More League Awareness -  Not everyone has the same level of attractiveness, character, intelligence and wealth. Parents tend to see their own children through rose-colored glasses. Homeschool communities can be a bit like Lake Wobegon where all the children are above average. It is easy for “no guy to be good enough for daddy’s little princess”. The sad result of enforcing this mindset is a daughter who becomes a spinster. With traditional dating guys learn their league by finding out what girls say “yes” to that second date. Girls learn their league by seeing what kind of guys ask them out.

Responding to Common Questions & Objections to Traditional Dating

Why Not Just Spend Time in Groups?

If you talk with advocates of modern courtship they speak highly of single people spending time in groups. Group settings reduce the intensity, commitment and exclusivity and thus protect the hearts of single people.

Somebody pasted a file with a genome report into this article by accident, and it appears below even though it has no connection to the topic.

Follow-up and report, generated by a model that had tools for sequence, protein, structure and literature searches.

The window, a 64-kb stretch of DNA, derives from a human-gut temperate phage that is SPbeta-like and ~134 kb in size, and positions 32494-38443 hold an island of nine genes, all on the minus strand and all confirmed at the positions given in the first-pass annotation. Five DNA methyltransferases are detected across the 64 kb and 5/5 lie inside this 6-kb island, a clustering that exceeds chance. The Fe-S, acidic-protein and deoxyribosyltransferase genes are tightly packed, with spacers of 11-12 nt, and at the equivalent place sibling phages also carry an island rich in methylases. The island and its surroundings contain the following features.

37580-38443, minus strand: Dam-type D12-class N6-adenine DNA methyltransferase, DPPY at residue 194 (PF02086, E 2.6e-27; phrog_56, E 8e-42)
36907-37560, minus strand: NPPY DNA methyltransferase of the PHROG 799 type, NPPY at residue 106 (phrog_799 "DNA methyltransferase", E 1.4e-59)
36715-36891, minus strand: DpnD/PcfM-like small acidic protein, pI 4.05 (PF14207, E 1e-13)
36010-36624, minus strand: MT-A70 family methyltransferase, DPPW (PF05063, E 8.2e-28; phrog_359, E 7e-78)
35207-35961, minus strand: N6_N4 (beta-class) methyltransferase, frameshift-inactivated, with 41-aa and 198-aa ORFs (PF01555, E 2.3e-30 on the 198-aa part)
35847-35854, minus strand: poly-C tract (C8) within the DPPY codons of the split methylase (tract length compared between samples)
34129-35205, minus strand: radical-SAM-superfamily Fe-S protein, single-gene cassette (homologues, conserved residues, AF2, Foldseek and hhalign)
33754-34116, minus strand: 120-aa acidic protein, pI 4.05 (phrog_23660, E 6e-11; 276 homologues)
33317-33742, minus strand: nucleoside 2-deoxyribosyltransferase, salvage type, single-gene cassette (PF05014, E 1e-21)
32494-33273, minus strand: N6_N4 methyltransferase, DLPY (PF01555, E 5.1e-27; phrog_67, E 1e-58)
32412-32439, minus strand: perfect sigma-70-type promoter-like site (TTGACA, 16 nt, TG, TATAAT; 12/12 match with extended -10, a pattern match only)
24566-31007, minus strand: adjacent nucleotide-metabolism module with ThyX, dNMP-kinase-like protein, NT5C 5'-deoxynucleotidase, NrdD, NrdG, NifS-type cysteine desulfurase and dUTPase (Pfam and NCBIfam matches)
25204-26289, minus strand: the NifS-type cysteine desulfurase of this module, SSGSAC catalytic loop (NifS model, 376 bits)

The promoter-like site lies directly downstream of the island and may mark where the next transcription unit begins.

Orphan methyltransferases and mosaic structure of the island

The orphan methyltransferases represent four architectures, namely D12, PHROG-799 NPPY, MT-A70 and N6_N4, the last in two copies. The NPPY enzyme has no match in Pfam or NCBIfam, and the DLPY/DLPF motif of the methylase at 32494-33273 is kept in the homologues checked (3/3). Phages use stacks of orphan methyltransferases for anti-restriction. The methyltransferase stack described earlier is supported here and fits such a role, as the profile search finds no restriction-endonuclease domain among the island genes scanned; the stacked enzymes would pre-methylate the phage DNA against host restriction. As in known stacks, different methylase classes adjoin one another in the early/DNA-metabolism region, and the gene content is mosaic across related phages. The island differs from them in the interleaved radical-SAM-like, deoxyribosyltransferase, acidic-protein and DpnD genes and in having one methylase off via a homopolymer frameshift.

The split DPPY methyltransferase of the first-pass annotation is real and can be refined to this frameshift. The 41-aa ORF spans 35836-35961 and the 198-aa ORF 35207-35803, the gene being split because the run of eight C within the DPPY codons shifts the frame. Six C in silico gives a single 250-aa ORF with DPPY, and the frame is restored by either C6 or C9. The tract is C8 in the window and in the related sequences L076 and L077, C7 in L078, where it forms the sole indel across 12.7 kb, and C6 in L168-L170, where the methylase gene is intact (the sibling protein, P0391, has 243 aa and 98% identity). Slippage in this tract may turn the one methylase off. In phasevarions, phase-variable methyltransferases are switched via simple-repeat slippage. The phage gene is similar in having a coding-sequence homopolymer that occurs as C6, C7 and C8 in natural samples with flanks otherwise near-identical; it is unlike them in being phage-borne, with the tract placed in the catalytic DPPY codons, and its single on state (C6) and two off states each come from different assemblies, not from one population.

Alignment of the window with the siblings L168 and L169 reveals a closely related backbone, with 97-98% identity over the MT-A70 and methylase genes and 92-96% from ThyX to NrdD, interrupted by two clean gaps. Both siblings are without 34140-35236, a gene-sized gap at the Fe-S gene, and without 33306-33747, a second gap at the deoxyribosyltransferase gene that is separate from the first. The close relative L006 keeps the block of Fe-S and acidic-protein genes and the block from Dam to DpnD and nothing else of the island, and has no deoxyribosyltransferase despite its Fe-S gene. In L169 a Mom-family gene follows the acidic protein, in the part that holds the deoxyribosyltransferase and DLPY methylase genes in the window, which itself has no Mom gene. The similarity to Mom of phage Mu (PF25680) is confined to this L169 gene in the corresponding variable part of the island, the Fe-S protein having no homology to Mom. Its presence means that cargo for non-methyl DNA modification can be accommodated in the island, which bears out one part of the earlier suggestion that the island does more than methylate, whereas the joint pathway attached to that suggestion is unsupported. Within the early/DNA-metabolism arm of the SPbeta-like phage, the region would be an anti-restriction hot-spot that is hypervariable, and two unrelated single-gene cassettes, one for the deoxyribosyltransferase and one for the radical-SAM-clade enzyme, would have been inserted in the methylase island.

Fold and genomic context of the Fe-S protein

The problem with group settings is that not all personality types open up in group settings. Many married couples include one spouse who is more comfortable in group settings than the other. These couples may have never found each other if they were limited to “group dating.”
In group activities, it can be hard for the wallflowers to be discovered for the flowers that they really are. They need a less intense 1-on-1 setting in which to bloom. Group settings are particularly rough on women who grew up in communities where they were trained to value submissiveness, meekness and quietness.
The other challenge with group settings is that they are logistically complex. The more people you add to the group, the harder coordination becomes. Where is a stay-at-home daughter who attends a small family integrated church supposed to find groups of young people to hang out with? The result of limiting interaction to group settings is many lonely nights interacting with no one.